Cloud Spanner is Google Cloud’s fully managed relational database that offers unlimited scale, strong consistency across regions, and high availability up to 99.999%. Spanner handles more than two billion requests per second. Spanner is trusted by customers in financial services, retail, gaming and many other industries. We are excited to announce that Spanner has doubled the storage capacity for all Cloud Spanner instances to help customers optimize the compute cost of storage intensive workloads.  For example, Cloud Spanner instances with 1 node (1,000 processing units) can now have 4TB storage capacity instead of 2TB (8TB per 2 nodes, 12TB for 3 nodes, and so on)

Customers building applications such as transactional ledger or inventory management on Spanner have higher storage requirements in comparison to compute requirements. As they scale storage, they end up over-provisioning compute to support the storage, incurring additional cost.  We have increased the storage per node so that customers can better align their costs with their usage.

With this launch, current users are automatically upgraded to the increased storage capacity without the need to opt-in or create new instances. This feature does not change storage pricing or the way storage is billed in Spanner. Users still pay for the actual storage their database uses, regardless of the storage capacity Spanner provisions. To view the storage capacity available for your Spanner instance, visit Cloud Console, select Spanner and click on any instance. You should now see the upgraded capacity of 4TB per node.

We’ve doubled the storage capacity for users who are using granular instance sizing (less than 1000 processing unit instances, or 1 node) as well. Each 100 processing units of compute capacity can support 410 GB of storage.

 

 

 

Previously if you had a storage-intensive workload, you had to over-provision compute (e.g. you had to provision at least 50 nodes of compute capacity to get a storage capacity of 100TB). Now, you can get more storage capacity without unnecessary compute (e.g. you can get 100TB of storage capacity with just 25 nodes). This provides an excellent opportunity to reduce your compute costs up to 50% for storage-intensive workloads.  However, be careful not to under-provision compute as per the below guidelines.

To gauge compute requirements, CPU utilization metrics can be used to monitor the present workload. Cloud Spanner uses CPU to serve read-write data requests as well as process background system tasks such as compaction and splitting. We recommend that you leave some head room for system tasks and unexpected bursts in data requests. When scaling down, we recommend you to monitor high priority CPU utilization to make sure it stays within the recommended limits for single or multi-region instances so that the CPU headroom can help in databases continuing to serve data requests even in case of zonal or regional failures. For single region instances, we recommend a high priority CPU utilization threshold of 65% and for multi-region instances, we recommend a high priority CPU utilization threshold of 45%. With the new storage capacity, if you are reducing the number of nodes, reduce it only up to the extent that these CPU utilization thresholds are not exceeded.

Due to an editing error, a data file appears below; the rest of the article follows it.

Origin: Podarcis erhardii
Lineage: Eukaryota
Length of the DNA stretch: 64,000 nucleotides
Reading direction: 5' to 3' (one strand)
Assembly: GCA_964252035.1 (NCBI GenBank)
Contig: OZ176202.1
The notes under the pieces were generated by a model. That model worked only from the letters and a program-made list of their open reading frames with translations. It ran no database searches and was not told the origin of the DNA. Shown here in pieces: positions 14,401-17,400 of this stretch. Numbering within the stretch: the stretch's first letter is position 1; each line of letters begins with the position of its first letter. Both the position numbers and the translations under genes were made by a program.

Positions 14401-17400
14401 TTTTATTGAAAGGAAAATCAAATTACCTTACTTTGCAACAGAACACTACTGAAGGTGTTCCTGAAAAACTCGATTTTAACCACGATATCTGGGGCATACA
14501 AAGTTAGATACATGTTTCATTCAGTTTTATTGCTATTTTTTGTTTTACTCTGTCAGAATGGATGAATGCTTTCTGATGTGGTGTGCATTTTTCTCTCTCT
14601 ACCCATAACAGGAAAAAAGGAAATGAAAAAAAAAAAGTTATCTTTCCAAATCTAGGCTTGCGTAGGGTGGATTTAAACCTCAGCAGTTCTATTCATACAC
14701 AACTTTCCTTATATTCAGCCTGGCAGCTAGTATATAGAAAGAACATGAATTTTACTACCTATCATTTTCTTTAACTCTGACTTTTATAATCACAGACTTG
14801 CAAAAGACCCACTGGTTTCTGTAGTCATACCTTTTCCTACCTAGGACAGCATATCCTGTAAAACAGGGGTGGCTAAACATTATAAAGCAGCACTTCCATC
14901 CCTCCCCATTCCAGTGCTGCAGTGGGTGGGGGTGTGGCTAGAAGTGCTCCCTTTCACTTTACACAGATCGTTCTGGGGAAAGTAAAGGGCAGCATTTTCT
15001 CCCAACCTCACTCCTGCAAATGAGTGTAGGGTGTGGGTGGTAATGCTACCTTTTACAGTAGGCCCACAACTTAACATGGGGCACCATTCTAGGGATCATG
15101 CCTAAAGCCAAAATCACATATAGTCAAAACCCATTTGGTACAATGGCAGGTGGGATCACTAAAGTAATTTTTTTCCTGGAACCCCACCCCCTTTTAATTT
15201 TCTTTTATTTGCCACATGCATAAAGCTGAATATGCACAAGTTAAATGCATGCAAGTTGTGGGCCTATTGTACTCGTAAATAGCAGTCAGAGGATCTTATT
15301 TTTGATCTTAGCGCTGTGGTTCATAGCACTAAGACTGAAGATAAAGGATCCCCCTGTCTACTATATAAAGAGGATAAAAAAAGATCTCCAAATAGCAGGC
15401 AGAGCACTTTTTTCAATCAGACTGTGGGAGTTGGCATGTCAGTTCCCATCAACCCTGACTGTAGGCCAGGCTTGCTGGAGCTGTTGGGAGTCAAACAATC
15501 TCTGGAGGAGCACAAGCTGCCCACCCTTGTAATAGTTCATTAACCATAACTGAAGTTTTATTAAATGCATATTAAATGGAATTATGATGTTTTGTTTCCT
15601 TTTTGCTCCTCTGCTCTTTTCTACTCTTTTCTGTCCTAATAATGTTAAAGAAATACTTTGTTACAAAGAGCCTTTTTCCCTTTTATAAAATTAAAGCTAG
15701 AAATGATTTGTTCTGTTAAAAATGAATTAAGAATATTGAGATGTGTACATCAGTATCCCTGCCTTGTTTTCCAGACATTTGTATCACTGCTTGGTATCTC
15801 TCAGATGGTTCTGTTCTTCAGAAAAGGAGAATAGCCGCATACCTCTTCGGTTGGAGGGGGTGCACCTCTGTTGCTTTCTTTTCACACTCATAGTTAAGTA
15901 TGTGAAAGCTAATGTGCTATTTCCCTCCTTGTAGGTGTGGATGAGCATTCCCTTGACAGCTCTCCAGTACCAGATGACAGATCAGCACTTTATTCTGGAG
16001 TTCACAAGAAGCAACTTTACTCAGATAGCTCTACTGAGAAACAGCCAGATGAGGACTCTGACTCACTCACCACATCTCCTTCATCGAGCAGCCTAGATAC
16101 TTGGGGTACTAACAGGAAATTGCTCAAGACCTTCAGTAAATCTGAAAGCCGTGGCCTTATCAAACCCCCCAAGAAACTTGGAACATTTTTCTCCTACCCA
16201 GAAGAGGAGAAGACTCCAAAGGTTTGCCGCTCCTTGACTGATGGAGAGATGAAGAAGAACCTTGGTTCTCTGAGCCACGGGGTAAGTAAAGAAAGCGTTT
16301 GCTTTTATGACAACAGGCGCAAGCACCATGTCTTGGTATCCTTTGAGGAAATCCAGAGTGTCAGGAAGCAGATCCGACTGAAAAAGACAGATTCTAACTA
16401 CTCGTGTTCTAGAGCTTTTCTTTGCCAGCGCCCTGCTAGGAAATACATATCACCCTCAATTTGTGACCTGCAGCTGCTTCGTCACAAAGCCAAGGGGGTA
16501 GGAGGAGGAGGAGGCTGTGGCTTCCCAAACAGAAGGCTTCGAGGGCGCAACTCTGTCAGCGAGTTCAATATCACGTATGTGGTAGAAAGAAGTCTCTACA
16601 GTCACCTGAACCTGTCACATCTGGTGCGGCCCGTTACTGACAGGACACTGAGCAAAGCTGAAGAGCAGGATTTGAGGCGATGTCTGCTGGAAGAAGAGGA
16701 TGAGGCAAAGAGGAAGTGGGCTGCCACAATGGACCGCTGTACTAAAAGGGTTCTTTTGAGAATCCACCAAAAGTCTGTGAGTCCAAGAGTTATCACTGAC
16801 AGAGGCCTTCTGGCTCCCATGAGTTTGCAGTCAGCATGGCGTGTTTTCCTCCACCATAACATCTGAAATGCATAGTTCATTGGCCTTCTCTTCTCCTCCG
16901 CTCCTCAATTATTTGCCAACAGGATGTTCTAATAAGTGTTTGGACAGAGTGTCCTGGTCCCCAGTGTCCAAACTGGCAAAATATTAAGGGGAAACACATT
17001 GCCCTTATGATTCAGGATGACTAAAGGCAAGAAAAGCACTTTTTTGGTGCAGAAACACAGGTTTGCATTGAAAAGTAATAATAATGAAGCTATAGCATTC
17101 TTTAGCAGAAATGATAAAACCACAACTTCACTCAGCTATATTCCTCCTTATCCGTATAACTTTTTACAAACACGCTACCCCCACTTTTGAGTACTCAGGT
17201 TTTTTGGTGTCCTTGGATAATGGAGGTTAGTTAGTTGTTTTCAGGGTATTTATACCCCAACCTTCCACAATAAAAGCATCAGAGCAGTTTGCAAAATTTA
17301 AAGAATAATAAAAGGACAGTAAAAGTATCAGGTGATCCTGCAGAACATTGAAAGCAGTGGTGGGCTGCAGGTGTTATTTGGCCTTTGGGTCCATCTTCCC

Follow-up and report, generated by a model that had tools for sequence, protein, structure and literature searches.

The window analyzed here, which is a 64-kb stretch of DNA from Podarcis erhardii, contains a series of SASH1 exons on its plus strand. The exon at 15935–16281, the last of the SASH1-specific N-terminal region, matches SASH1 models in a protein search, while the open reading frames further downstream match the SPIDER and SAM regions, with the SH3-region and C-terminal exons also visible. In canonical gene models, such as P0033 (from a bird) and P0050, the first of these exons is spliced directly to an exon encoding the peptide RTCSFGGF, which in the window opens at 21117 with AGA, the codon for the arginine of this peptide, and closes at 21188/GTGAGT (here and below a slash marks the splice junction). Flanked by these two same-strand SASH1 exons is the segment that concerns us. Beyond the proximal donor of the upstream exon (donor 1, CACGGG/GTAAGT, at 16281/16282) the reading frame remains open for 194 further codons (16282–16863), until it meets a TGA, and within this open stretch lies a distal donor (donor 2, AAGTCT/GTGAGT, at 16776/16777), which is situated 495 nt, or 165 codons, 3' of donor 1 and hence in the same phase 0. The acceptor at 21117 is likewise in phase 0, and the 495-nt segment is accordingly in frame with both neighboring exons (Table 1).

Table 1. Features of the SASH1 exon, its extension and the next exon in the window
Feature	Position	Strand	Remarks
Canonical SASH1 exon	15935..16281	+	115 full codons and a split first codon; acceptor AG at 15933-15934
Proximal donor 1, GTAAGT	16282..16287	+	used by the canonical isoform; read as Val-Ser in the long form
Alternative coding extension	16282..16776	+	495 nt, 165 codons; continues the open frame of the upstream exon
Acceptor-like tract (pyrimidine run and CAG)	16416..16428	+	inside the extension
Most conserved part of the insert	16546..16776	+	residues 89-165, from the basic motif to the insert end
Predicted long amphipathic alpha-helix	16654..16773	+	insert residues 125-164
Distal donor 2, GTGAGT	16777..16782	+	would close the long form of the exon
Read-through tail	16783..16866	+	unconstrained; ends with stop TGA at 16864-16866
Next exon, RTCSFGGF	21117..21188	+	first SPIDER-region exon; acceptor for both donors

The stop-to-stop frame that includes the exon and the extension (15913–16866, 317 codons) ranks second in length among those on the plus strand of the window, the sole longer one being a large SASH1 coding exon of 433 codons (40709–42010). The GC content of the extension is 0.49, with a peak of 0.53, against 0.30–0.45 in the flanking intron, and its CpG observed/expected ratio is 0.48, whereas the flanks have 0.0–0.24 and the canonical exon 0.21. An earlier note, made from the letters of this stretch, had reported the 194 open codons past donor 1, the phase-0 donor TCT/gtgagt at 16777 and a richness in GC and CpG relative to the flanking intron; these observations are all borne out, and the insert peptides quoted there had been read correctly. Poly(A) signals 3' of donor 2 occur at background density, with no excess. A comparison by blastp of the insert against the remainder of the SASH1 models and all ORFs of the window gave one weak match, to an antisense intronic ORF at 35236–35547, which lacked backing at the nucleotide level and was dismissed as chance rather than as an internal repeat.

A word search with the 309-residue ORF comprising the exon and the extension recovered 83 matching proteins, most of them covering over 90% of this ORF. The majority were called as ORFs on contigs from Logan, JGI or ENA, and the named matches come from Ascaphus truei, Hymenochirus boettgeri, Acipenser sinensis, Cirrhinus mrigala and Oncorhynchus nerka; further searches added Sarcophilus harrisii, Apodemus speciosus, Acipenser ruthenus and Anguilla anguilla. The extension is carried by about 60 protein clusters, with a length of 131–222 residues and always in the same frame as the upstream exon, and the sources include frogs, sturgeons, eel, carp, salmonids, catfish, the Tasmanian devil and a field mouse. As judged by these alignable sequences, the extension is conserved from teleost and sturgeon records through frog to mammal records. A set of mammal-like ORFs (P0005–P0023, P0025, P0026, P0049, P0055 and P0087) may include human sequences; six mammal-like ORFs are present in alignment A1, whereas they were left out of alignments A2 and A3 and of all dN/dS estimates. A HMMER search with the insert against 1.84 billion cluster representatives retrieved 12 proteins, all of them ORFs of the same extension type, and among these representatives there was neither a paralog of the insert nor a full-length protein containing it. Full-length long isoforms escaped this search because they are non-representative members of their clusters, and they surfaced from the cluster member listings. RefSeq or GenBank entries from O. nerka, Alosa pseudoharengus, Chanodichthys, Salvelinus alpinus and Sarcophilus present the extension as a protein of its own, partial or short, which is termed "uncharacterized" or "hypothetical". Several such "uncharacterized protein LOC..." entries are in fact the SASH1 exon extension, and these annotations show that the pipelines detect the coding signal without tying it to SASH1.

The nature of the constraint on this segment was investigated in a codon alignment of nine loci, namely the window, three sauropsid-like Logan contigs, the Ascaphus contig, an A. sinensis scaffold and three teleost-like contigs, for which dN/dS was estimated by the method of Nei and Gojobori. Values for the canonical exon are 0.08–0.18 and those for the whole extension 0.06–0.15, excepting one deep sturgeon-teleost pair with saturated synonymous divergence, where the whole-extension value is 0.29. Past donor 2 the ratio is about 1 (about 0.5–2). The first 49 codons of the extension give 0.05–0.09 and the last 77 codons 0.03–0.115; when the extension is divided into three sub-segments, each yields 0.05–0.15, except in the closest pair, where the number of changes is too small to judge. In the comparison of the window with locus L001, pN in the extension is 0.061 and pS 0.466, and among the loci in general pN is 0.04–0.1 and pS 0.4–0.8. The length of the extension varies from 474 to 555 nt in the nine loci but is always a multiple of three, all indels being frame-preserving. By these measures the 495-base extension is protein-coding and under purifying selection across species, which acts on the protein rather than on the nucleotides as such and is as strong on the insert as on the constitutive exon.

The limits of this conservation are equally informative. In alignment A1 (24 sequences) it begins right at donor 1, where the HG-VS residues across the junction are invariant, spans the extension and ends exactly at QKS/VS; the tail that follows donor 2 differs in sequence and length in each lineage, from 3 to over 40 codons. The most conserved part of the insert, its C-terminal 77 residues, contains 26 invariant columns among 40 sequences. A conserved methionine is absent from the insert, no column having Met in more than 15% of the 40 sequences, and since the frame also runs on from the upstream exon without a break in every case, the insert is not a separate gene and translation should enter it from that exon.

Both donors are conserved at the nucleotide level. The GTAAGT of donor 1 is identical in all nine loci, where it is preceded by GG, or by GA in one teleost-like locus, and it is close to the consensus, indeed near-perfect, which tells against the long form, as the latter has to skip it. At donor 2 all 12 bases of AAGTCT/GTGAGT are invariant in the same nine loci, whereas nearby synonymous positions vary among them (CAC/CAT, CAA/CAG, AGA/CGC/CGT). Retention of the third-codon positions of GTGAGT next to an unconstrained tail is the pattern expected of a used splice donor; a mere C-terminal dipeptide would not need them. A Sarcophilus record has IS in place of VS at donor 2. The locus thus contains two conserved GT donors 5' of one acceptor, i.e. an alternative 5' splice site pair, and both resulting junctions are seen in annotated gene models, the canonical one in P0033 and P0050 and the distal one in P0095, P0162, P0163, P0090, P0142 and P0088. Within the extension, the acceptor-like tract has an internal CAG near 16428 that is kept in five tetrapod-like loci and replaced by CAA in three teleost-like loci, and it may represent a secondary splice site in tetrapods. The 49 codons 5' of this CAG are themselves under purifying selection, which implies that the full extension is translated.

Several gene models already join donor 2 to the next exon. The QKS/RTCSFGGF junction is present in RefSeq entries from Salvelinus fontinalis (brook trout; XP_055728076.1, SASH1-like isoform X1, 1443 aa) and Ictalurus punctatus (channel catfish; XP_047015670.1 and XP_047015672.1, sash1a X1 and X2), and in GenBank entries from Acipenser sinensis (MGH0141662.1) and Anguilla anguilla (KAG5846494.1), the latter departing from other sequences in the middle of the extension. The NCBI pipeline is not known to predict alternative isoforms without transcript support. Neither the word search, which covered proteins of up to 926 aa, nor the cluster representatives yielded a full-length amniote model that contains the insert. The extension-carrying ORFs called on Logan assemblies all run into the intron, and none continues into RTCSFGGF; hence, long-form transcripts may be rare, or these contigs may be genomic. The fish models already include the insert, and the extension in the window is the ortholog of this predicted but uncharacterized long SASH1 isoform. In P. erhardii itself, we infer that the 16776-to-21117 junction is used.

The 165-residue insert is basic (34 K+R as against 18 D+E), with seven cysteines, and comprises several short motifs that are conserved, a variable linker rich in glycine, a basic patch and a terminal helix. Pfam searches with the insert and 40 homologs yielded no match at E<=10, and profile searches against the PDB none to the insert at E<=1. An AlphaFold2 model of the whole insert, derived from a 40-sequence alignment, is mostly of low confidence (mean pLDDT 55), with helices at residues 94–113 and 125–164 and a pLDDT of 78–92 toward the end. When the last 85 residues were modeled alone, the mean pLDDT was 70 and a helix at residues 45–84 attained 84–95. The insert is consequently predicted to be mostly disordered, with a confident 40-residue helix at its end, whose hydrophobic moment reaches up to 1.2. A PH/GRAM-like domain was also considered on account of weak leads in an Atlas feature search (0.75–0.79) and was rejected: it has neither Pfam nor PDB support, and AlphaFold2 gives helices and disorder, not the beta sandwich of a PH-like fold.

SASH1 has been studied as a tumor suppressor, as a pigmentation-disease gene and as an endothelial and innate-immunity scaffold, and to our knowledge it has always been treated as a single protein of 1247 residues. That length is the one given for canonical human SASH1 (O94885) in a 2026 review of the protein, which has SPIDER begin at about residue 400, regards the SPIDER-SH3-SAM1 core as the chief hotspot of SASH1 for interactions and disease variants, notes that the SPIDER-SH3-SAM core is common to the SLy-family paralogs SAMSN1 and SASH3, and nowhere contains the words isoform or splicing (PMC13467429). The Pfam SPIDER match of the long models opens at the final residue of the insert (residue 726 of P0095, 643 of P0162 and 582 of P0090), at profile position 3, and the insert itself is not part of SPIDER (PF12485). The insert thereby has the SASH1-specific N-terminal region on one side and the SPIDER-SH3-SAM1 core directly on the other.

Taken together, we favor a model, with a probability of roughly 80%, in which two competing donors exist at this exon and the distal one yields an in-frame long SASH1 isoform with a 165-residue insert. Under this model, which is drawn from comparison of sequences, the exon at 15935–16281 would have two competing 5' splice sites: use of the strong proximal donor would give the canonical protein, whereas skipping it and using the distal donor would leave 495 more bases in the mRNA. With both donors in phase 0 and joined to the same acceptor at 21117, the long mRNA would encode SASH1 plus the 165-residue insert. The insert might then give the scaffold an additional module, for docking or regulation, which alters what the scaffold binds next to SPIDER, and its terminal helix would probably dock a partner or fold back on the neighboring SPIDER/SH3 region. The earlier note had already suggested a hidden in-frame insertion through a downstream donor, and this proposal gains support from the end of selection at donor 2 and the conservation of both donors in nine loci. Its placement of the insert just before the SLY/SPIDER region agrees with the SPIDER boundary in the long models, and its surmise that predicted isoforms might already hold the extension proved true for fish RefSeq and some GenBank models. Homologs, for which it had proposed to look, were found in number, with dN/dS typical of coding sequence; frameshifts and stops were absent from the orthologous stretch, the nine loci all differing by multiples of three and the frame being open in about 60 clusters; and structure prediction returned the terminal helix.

For example, with previous capacity, let us say you had 50 nodes and 100TB storage in your single region Spanner instance with 40% high CPU utilization. With the new limit, if you reduce the number of nodes to 25 from 50, high priority CPU utilization will rise to around 80% (above the recommended threshold of 65%).   So, in this case, you can reduce the number of nodes to 31 instead of reducing to 25, so that the CPU utilization is still below 65%. Please note that it’s recommended to scale down in stages to avoid performance impact.

In summary, Spanner has doubled the storage capacity for all instances from 2TB storage per node to 4TB storage per node to help reduce the compute cost of storage intensive workloads. For more information on Cloud Spanner, watch this youtube video or visit the Cloud Spanner documentation.

 

By: Matthew Mucklo (Staff Software Engineer) and Shambhu Hegde (Product Manager, Google Cloud)
Source: Google Cloud Blog

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